There were plenty of other creatures in the contemporary Standard format that benefited from this effect, as well. Crater Elemental from Dragons of Tarkir is a 0/6 for 2R that really never saw Constructed play. That card has the ability to become an 8/6 beater for 2R, but only if you control creatures with power 8 or greater combined already. With Assault Formation, you could potentially have a 6/6 for 2R on turn 3 in a Red/Green deck, due to the tough to kill Sylvan Caryatid providing widespread mana ramp in the format. Obviously, the set design team had this in mind when that Elemental was created.
Indeed, Crater Elemental did end up seeing play in a Temur Assault Formation deck (Red/Blue/Green), alongside a forgotten Assault Formation all-star in Goldnight Castigator. The Castigator was a 4/9 with flying and haste for four mana. While it had the downside of having any damage dealt to it doubled and doubling any damage to you while it was in play, becoming a 9 power flyer with haste for 4 mana overshadowed those problems.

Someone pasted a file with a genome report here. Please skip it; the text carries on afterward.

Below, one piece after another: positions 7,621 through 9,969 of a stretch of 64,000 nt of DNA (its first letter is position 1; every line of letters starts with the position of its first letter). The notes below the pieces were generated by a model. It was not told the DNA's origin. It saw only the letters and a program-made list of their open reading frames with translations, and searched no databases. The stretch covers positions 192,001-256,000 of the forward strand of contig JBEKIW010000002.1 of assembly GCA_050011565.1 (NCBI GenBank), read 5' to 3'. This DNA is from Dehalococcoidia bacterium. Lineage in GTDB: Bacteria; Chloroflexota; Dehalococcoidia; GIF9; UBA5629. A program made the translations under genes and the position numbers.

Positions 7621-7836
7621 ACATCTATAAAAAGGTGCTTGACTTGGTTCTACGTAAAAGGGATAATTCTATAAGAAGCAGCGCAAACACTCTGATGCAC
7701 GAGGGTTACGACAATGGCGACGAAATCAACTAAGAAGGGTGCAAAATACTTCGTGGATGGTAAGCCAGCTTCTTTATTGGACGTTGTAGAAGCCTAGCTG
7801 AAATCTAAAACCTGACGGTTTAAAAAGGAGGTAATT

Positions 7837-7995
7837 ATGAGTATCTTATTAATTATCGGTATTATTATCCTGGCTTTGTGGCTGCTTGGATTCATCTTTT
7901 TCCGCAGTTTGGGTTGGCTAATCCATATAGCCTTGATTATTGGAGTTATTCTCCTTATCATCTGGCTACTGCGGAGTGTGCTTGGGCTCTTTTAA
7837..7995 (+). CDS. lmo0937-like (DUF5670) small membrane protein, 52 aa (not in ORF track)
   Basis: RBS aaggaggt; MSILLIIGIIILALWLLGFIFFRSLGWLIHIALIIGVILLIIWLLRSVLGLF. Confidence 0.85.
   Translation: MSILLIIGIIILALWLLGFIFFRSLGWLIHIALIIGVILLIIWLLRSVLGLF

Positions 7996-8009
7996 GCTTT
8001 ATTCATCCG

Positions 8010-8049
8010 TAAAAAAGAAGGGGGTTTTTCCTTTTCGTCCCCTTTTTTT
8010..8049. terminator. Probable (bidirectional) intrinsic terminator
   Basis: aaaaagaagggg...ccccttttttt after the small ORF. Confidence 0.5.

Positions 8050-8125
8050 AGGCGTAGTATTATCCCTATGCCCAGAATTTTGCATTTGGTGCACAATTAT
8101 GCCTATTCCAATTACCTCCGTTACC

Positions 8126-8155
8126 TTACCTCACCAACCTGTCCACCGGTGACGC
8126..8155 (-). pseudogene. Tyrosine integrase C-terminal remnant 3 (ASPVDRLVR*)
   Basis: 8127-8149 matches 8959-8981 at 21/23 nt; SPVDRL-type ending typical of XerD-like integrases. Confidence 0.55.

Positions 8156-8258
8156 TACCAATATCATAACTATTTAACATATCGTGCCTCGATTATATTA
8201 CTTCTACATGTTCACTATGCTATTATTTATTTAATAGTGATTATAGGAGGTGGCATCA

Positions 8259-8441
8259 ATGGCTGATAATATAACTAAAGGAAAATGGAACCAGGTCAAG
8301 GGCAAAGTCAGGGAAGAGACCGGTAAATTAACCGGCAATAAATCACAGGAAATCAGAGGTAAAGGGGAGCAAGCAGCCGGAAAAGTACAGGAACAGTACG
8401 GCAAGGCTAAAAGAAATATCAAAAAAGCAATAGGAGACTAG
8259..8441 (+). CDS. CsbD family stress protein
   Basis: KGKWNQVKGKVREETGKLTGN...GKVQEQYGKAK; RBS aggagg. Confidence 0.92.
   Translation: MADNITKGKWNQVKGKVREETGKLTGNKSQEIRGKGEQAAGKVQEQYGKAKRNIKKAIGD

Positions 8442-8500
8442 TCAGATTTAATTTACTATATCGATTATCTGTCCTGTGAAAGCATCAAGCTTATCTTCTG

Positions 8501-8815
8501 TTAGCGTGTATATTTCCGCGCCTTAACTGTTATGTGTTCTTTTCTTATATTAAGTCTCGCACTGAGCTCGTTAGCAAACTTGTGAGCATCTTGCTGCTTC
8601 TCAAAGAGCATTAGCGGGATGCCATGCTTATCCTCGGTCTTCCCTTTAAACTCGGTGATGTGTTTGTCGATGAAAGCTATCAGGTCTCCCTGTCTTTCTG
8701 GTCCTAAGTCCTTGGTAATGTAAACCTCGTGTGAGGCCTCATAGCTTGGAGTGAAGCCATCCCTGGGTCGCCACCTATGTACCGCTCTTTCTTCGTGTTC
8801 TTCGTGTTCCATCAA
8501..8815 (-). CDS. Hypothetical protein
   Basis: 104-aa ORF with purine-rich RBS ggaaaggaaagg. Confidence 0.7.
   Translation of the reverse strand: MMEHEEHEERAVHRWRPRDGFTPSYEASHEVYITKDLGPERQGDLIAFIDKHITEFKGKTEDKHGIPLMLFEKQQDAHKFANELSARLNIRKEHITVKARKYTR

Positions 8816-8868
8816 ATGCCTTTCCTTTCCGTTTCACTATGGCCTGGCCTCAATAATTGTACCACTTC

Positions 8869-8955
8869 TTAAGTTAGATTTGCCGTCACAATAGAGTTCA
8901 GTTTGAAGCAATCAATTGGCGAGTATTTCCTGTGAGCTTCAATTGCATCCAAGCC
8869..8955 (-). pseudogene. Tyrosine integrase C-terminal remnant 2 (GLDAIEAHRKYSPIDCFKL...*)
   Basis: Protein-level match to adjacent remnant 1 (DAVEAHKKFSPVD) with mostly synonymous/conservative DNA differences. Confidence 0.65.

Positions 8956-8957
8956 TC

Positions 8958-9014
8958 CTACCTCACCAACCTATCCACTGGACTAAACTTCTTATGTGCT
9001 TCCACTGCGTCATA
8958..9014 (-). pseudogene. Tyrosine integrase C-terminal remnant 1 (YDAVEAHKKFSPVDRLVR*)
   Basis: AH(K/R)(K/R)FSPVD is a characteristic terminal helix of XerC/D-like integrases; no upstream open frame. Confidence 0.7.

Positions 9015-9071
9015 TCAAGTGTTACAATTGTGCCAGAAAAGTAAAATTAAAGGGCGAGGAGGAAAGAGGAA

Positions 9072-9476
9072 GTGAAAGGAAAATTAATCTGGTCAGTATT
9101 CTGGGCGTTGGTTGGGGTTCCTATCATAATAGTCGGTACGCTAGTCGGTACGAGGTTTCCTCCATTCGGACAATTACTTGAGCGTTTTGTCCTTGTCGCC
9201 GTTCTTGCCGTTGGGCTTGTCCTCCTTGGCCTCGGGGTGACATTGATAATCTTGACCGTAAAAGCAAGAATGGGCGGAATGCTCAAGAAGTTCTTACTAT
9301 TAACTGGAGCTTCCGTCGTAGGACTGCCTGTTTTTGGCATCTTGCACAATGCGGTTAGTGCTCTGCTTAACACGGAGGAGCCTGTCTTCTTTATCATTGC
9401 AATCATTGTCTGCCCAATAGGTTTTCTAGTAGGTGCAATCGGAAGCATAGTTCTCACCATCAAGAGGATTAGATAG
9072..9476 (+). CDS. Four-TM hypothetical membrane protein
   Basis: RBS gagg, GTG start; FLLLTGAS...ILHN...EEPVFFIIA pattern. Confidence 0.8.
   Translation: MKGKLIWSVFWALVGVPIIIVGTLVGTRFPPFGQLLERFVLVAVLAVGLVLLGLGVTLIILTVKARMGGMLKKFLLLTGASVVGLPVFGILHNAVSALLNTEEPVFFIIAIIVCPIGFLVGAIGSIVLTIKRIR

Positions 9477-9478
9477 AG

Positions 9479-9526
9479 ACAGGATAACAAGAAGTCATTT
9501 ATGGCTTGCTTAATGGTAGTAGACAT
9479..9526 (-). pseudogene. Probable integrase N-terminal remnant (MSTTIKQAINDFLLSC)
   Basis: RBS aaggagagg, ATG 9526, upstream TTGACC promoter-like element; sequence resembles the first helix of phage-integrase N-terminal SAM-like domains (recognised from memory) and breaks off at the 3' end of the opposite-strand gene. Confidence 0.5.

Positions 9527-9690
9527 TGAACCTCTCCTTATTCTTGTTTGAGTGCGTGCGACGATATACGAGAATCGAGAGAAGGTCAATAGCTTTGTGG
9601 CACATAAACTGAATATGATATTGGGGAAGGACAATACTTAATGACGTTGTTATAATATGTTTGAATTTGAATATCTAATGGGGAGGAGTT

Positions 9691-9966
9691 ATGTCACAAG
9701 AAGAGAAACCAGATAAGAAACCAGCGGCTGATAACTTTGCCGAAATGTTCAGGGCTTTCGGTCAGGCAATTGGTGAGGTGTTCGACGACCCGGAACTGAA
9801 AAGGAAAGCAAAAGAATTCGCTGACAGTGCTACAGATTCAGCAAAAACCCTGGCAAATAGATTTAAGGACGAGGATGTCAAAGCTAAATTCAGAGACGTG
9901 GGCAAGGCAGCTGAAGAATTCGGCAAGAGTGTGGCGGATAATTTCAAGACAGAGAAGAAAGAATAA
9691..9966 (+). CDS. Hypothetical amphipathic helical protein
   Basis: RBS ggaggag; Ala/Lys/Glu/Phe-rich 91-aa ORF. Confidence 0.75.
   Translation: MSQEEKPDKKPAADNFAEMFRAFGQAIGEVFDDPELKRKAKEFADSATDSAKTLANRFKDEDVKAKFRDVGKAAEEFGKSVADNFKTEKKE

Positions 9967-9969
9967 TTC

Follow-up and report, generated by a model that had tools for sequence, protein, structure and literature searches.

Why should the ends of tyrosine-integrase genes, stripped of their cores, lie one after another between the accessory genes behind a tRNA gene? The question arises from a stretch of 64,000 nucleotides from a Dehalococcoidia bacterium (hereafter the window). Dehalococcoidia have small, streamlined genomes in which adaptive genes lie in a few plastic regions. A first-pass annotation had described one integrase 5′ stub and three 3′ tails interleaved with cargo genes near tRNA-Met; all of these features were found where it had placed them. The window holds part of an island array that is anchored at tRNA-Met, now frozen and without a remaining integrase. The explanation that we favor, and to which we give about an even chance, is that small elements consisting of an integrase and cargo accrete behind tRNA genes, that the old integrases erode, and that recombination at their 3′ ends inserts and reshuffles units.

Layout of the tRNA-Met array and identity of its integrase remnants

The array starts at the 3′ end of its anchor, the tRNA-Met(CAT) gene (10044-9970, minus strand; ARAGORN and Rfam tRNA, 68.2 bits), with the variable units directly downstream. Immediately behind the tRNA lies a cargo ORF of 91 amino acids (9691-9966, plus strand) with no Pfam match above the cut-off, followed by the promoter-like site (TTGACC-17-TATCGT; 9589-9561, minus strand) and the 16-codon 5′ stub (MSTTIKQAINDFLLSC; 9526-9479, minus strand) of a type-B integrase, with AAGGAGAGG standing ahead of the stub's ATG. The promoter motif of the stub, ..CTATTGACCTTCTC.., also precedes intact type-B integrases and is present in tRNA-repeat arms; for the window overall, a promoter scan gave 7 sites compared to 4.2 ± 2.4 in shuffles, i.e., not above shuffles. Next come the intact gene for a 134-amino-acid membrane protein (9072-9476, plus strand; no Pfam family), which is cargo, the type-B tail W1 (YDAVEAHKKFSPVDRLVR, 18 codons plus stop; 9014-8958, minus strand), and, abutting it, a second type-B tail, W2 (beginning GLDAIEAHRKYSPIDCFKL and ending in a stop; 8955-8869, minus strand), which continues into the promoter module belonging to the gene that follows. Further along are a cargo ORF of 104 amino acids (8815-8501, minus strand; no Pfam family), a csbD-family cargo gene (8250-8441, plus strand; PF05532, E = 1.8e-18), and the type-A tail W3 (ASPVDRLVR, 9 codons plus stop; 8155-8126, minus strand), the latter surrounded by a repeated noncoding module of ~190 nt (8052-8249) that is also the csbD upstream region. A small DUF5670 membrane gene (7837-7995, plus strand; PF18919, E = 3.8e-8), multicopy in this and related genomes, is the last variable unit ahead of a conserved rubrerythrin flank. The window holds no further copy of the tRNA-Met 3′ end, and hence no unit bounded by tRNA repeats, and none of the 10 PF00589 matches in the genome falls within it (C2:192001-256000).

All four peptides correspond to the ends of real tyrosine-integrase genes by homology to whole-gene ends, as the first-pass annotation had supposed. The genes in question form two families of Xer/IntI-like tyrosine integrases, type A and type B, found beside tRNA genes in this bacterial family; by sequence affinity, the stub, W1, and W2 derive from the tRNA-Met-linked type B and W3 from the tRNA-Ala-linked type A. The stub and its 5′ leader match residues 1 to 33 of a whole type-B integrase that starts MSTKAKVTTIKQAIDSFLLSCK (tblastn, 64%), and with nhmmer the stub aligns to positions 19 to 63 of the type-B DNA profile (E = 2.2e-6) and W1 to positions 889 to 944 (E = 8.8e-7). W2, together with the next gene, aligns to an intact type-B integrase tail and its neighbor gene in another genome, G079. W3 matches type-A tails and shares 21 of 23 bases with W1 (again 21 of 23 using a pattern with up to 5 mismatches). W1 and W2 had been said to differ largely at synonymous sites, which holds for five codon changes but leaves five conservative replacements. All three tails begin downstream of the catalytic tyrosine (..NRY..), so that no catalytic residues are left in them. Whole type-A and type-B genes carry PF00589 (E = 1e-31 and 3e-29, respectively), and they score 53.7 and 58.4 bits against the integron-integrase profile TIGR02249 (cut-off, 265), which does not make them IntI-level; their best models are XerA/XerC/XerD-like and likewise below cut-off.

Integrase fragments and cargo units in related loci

There were countless other creatures even back then that worked well with this card. The one that we shouldn’t leave out is the Ornithopter. Being a 0/2 flyer for 0 mana is already good, but to have a free 2/2 flyer is sort of silly. Then when you consider you can pump your whole team with Assault Formation, too, having some free flyers that can suddenly deal 3 a piece is quite scary.